Dry soils dominate crop progress reports
In Michigan, little rain and warmer than normal temperatures began to stress crops in southern Michigan. Showers were more prevalent in northern Michigan and provided needed moisture there. Corn is rated 9% poor, 24% fair, 50% good and 14% excellent. Soybeans are rated 10% poor, 27% fair, 53% good and 6% excellent. The topsoil has 26% in the very short category, 39% short and 35% adequate. Some late planted soybeans in southern Michigan have not yet emerged due to lack of moisture.
In Minnesota, topsoil moisture supplies improved over the previous week as widespread rains moved across the state. Topsoil moisture is rated 1% very short, 7% short, 75% adequate and 17% surplus. Corn condition was rated 82% good to excellent and soybeans were rated 86% fair to good.
In Missouri, topsoil moisture improved but remains low at 39 percent very short, 43 percent short, 17 percent adequate, and 1 percent surplus. Corn condition was 6 percent very poor, 15 percent poor, 39 percent fair, 36 percent good, and 4 percent excellent. Soybean condition was 6 percent very poor, 23 percent poor, 42 percent fair, 26 percent good, and 3 percent excellent.
In Nebraska, above normal temperatures coupled with little or no precipitation across northern and western areas continued to stress crops and pastures. Topsoil is rated 17% very short, 46% short and 36% adequate. Corn conditions rated 7 percent poor, 31 fair, 55 good, and 7 excellent, below last year’s 75 percent good to excellent and 78 average. Soybean conditions rated 8 percent poor, 31 fair, 55 good, and 6 excellent, below last year’s 77 percent good to excellent and 78 average.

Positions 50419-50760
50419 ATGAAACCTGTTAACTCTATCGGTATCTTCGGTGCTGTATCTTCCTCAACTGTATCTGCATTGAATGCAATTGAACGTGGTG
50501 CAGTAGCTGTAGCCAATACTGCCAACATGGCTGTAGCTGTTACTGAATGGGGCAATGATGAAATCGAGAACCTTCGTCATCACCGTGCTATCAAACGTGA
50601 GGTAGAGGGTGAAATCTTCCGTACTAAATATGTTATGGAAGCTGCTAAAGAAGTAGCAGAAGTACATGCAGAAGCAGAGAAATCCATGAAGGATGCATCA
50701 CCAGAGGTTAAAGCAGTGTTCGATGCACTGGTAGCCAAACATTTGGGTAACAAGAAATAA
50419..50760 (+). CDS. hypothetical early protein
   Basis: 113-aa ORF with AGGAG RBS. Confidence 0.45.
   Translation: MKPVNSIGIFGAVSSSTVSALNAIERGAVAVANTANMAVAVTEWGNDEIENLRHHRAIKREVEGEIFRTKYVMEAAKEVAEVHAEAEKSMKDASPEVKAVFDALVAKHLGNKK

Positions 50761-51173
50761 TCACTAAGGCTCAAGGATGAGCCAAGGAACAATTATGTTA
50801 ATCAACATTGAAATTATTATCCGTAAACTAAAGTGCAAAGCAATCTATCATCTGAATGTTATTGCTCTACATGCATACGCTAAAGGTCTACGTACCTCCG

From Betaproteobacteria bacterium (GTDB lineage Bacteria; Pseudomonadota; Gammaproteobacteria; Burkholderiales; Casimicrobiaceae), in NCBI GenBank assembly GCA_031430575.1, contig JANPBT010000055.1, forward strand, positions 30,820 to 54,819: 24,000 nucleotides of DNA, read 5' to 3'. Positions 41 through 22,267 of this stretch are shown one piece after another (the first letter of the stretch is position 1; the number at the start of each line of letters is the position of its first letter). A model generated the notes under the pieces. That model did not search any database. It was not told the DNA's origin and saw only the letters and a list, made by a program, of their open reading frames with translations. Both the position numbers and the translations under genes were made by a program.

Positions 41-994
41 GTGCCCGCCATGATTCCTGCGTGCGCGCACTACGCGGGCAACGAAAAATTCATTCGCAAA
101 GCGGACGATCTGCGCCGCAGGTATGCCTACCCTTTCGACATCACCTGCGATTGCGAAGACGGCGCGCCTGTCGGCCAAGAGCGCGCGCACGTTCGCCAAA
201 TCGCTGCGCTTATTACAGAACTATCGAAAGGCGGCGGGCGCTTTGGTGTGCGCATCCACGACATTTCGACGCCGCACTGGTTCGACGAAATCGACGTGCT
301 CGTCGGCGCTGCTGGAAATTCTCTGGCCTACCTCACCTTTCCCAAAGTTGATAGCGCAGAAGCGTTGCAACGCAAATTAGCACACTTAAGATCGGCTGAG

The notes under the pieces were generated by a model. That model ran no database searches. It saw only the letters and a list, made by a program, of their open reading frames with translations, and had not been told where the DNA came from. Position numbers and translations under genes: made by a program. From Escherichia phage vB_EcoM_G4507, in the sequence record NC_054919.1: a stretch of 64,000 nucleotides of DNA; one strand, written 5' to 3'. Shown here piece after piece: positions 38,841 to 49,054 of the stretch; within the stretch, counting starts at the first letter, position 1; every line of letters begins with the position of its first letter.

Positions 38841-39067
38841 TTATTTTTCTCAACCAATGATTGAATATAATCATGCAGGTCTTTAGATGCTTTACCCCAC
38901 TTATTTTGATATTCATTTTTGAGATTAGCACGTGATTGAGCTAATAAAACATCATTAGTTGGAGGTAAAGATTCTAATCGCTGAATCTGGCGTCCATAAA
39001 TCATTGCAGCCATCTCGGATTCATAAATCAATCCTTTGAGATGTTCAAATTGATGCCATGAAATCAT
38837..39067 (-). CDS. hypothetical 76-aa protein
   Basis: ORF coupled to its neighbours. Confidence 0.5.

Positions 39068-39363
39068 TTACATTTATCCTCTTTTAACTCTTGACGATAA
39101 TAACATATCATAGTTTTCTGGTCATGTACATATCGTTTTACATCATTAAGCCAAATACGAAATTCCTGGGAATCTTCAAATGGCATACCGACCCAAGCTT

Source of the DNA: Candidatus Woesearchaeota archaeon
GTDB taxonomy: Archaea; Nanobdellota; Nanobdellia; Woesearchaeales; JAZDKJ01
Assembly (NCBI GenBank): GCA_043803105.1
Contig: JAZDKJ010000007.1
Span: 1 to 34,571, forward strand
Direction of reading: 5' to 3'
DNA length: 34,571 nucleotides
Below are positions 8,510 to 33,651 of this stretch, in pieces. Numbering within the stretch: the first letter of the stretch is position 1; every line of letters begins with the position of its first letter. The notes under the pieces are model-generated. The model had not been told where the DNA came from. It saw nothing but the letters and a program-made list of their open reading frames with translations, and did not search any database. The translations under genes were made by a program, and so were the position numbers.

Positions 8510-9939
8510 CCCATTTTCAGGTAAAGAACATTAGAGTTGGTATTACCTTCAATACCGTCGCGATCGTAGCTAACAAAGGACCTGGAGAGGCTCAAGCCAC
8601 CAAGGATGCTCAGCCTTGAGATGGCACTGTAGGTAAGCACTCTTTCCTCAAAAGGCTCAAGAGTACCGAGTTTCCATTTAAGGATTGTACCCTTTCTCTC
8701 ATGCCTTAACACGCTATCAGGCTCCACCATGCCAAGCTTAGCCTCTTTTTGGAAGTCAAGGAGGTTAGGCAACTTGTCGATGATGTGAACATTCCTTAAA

In North Dakota, Topsoil moisture supplies were rated 2% very short, 13% short, 76% adequate, and 9% surplus. Corn was rated 13% fair, 75% good and 9% excellent. Soybeans were rated 2% poor 11% fair, 76% good and 11% excellent.
In Ohio, topsoil moisture was rated 31 percent very short, 46 percent short, 22 percent adequate, and 1 percent surplus. The heat also hampered growth of corn, soybeans, and hay. Soybean emergence has been slow due to dry weather. Reporters commented that some areas have become too dry to replant soybeans or double crop soybeans. Corn is rate 9% poor, 26% fair, 42% good, and 11% excellent. Soybeans are rated 11% poor, 45% fair, 34% good, and 6% excellent.
In South Dakota, precipitation was limited and below average for most of the state. Severe storms produced many hail reports and some crop damage in various areas of the state. Reports of drying conditions continue across the state. More than half the stations are below average for the growing season. This situation is made worse by the overall warm conditions throughout the spring and summer which removed more water from the surface by evaporation or transpiration through crops. Topsoil moisture was rated at 50 percent in adequate to surplus, 44 percent short and 6 percent very short. Corn is rated 4% poor, 20% fair, 59% good and 17% excellent. Soybeans are rated 1% poor, 23% fair, 64% good, and 12% excellent.
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